New phone line installation: get it for free
Getting a new phone line installed can cost £130... or nothing at all.
In this guide we look at how to get the 'nothing at all' option.
There are two ways: taking broadband and home phone from a provider with a free line installation special offer or circumventing getting a new line installed, by using the existing equipment.
Let's start with the first option, or skip ahead to find more on whether you'll actually need a new line.
Get a new phone line
Most providers offer a free or much cheaper connection to those willing to sign up for 12 or 18 months.
Since so many providers can now offer phone line installation, there's no need to compromise on the broadband package, either.
Getting a new line for free
Here are the details, from the cheapest installation to the most expensive.
Free with any broadband or TV deal, otherwise £50 to £130.
Get the offer here.
Free when you take broadband, otherwise £59.
Get the offer here.
|TalkTalk||Free||Free with Essentials broadband. £50 with Simply broadband. Be aware that new line orders may not be eligible for some of TalkTalk's other special offers. Get the offer here.|
|Tesco||£35||£35 with all broadband deals, see the deal here.|
|Sky||£39||From £39. Get the offer here.|
|Virgin Media||£49.95||£49.95 for everyone, find out more about the offer here.|
|Plusnet||£49.99||Plusnet phone is only available with broadband. Get this here.|
|EE||£60||Applies to all new line installations, find out more here (pdf).|
|Post Office||£60||Get this here.|
(cheap phone line)
|£130||Those on BT's social tariff who need a new line must pay the full amount although, unlike everyone else, they can split it into five monthly payments. More info here.|
These prices were correct at the byline date of this article.
We always keep an eye on them and update as soon as we see any changes but it's always worth clicking through and double checking with the provider before committing to a contract.
Do you need a new line?
As you can see above, new phone lines can be an expensive hassle.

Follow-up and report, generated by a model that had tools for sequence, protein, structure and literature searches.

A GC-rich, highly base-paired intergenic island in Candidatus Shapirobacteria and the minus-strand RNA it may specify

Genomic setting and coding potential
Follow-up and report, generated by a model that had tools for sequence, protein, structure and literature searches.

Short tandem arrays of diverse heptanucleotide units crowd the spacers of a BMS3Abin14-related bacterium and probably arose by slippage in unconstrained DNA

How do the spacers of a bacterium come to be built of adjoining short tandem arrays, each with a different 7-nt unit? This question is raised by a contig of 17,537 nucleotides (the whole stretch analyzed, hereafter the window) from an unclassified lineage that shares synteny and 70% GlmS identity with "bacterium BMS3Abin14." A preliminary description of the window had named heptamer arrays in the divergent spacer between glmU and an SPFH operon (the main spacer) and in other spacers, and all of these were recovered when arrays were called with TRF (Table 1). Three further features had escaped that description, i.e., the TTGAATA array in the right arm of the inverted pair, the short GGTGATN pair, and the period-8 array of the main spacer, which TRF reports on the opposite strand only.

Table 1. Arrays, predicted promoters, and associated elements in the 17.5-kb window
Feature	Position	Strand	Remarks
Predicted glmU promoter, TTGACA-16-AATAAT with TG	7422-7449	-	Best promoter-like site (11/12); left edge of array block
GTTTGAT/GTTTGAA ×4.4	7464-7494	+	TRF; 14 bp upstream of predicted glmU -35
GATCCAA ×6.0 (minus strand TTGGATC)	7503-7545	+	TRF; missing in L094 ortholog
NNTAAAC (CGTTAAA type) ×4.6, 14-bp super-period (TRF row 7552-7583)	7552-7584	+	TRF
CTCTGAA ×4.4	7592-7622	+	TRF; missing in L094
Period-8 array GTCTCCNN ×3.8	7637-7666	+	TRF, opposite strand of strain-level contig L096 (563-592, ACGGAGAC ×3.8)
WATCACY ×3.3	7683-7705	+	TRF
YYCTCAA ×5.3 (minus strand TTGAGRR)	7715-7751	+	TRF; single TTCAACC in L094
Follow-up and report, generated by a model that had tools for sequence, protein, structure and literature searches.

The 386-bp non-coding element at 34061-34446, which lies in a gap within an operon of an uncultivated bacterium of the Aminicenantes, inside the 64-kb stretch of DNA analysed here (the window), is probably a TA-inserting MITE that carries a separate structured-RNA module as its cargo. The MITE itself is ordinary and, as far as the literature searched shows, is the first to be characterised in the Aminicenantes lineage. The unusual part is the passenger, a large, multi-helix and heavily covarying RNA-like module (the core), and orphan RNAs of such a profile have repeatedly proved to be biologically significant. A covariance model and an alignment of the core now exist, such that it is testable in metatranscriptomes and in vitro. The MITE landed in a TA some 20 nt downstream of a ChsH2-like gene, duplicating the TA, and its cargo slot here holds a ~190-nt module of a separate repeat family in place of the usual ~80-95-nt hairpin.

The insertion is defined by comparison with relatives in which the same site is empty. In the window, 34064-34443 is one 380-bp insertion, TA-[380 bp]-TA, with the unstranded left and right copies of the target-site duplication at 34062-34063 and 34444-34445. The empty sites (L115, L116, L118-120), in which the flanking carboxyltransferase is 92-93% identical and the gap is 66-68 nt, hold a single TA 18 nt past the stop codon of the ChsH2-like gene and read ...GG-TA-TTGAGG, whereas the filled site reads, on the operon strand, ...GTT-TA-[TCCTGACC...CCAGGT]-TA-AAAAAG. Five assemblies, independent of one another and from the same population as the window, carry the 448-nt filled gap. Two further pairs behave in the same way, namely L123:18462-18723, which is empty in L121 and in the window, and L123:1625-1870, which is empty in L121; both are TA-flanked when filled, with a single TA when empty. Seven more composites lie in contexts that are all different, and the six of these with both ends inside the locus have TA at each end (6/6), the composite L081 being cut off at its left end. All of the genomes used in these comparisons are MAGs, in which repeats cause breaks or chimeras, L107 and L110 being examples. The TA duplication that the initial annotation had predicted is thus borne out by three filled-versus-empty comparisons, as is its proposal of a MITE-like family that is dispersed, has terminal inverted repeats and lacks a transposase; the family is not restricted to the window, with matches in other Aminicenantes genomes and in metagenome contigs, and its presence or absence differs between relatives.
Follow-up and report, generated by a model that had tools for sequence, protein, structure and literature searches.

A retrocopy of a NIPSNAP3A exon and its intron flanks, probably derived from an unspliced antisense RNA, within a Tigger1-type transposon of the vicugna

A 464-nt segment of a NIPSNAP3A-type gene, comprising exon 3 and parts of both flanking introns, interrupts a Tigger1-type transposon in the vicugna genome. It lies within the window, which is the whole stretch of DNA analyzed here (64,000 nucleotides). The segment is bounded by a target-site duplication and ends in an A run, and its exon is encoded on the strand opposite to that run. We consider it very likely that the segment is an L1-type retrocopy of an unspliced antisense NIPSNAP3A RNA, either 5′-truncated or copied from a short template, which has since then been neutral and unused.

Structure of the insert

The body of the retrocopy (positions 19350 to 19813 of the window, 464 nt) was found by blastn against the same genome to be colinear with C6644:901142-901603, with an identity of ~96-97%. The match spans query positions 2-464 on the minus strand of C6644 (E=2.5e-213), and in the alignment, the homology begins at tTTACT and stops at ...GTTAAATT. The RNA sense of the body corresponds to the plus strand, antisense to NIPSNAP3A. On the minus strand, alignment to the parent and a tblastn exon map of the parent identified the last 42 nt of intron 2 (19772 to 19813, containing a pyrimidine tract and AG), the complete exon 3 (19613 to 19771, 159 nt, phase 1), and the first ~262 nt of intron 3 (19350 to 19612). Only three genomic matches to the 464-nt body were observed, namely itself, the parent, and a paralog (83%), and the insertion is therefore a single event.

But, as we noted in the introduction, they're also often a needless expensive hassle, because most people don't actually need a new phone line installed.
Follow the white socket
Most homes will have a BT socket somewhere: look for a small white socket, which may have a BT logo, either on a wall or by the front door.
You can still cut call costs
In general, those that can plug a home phone into the wall and hear a dial tone shouldn't need to pay a fee.
Instead, any new phone and broadband provider will be able to transfer the line to their service free of charge.
If you can't see a socket but are aware that the previous residents did have a BT line, a new phone provider may be able to help you to find it.
Note also that phone sockets similar to BT's are installed in some instances so, depending on the supplier, BT may charge a reconnection fee even when the house does have a white socket.
That's only the case in a small minority of households but it's just worth being aware of.
New line checklist
Homes that are very new - for example, in a building newly converted into flats - where a line has never been installed may need a new phone line.
More commonly, engineers will need to reconnect an existing line because it has been seriously damaged at some point.
Damage can occur during renovations and is most likely to affect the socket.
Finally, households that have been disconnected for non payment in the past will be liable to pay a reconnection fee to get their phone line back.
For more technical information on moving back to BT see our article here.
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